South Africa is a major coal exporter and home to the world’s largest coal export terminal, located at Richards Bay on the country’s east coast. It’s no secret that the coal terminal is a major source of local pollution. As one academic journal article characterizes the situation:
The coal operations, which include stockpiles, shunting, conveyor belts and shiploading, create dust which is a major problem in the harbour and surrounding areas as it tends to coat all exposed surfaces.
Not surprisingly, the study’s authors find that the coal dust harms the area’s mangrove trees and related ecosystems. They note:
Dust on the undersurface of leaves is not removed by wind, rain, or even physical washing. The undersurface of the leaves, as well as the rough surfaces of twigs, branches and trunk, tend to accumulate dust and appear black.
Coal dust contamination in the area is so widespread and well-known that even the Richards Bay Coal Terminal (RBCT) company acknowledges there’s a problem. In it’s 2006 Annual Report:
RBCT commissioned Annergan Environmental Research to conduct an environmental study on the impact of coal dust at the Zululand Yacht Club in the Richards Bay Small Craft Marina. Results indicated that RBCT was one of the contributing dust factors at the Yacht Club.
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Indeed, a quick Google search confirms that coal dust is a recurring nuisance for local boat owners, even those located several miles away, testament to the fact that the terminal’s dust is often in the air and water.
Here’s a sample log book entry by one boat owner:
The UGLY is that the coal dust that falls on the boats here is horrible, especially when there are SW winds with no rain like yesterday and today. On Sunday afternoon when a neighbor loaned us his hose, we used the water to wash off all the salt and Windbird was squeaky clean. Today she is dusted in a fine black powder that runs like mud when water is applied. Yuck! But we just have to deal with it by getting to a dock where we can easily attach our own hose and constantly wash down the boat, especially the canvas. We thought Cochin’s [India] air was dirty, but it doesn’t even compare to this.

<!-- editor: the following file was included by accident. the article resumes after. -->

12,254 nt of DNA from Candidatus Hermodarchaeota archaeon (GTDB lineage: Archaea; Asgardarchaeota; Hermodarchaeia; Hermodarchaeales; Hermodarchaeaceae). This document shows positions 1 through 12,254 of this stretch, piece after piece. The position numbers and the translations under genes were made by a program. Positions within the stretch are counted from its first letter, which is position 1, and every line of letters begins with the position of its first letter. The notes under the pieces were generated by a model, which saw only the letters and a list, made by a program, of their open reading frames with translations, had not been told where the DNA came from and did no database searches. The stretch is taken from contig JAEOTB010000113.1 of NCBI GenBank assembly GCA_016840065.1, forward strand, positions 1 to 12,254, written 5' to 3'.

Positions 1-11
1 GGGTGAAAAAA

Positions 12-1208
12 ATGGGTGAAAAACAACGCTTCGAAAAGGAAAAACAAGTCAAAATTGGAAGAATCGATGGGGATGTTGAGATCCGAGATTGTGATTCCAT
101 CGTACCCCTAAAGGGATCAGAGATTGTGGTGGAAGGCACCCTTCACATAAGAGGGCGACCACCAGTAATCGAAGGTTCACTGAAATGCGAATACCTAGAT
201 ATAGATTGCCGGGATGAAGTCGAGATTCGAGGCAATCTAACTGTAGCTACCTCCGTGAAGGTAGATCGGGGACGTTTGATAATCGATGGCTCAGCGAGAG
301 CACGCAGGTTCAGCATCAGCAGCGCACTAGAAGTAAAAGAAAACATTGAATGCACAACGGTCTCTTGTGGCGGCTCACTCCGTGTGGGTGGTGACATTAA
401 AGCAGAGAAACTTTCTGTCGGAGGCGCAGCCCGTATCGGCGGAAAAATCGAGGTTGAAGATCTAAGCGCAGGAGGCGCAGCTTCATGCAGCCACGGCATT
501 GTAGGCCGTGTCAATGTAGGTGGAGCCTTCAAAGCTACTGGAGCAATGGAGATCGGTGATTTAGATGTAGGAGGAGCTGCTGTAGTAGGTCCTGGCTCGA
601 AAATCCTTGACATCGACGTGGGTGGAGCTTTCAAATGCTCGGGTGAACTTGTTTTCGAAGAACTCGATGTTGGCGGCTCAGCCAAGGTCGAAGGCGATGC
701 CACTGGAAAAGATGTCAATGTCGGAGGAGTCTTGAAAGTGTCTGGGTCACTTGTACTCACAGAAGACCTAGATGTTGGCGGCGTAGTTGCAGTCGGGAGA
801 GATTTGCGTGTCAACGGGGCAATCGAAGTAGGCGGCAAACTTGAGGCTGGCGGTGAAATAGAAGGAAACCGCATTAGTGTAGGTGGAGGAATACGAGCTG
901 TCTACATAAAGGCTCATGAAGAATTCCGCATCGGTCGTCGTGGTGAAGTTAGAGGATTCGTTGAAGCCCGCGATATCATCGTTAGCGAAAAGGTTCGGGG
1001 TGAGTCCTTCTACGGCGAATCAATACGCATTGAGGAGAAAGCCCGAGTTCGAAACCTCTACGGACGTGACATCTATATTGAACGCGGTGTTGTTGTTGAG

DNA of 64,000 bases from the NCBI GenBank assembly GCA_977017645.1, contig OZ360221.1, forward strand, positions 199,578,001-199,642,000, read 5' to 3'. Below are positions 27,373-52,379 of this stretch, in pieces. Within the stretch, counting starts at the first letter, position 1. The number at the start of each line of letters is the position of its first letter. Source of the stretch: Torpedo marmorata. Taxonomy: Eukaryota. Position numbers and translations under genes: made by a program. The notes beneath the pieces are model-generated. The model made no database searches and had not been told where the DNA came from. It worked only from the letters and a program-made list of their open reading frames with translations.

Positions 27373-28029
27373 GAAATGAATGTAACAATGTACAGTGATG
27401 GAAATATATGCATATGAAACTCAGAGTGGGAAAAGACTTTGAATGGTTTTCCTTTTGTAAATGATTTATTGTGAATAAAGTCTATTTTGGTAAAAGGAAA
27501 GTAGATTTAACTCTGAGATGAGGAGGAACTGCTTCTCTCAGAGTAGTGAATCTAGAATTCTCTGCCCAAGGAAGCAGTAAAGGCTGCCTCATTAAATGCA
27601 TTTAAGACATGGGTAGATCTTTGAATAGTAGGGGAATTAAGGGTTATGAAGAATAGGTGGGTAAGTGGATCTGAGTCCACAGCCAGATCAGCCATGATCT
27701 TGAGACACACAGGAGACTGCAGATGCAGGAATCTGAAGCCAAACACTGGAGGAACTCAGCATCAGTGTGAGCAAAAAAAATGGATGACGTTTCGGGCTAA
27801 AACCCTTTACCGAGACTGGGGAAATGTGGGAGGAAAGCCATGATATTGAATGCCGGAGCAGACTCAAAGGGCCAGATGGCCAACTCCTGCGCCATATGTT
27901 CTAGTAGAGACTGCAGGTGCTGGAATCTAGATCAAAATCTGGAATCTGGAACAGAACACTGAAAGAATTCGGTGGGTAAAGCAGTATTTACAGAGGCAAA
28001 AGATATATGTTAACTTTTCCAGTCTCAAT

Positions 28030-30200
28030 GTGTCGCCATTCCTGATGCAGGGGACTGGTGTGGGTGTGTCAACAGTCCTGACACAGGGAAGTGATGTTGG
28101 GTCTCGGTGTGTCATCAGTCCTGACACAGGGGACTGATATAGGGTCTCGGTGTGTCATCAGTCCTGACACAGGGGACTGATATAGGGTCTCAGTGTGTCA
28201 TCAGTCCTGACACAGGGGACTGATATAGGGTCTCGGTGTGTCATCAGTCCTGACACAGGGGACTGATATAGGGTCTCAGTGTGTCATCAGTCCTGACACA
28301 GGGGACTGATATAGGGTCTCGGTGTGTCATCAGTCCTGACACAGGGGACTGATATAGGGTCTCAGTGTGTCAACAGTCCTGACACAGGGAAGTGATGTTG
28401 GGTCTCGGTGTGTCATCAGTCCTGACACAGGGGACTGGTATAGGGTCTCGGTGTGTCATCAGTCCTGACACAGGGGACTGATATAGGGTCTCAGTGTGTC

WED 24 NOV… This afternoon local storms visit again, bringing with them the ubiquitous Richards Bay coal dust that settles over every part of the boat.
FRI 26 NOV… When we went to bed the wind was still howling in the rigging, the black coal dust swirling in the air.
Yet the problems of coal dust contamination are hardly confined to recreational boaters.
The economic consequences are well highlighted by Mercedes Benz’s vocal opposition to a new coal export terminal planned for East London, South Africa. With hundreds of millions of dollars in recent investments in manufacturing facilities there, company officials warn that a coal terminal would jeopardize its presence in the community and put it’s 2,400 jobs at risk:
Zimmerman indicated that pollutants in the air which can be caused by the loading and off-loading of coal at the terminal, could impact on the quality achievable.
He said “We couldn’t have that type of pollution. We can’t handle it in the paintshop.”
The question South Africa is facing is similar to the one the Northwest is facing: is exporting coal worth the risk?
As Richards Bay locals well know, where there are coal terminals, there tends to be coal dust. Often, there’s a lot of it. See, for example, Alaska, northern British Columbia, southern British Columbia, Louisiana, South Carolina, Virginia, Australia, and India.
Thanks to Kathy Washienko for research assistance.
We can use the dust and make it for domestic use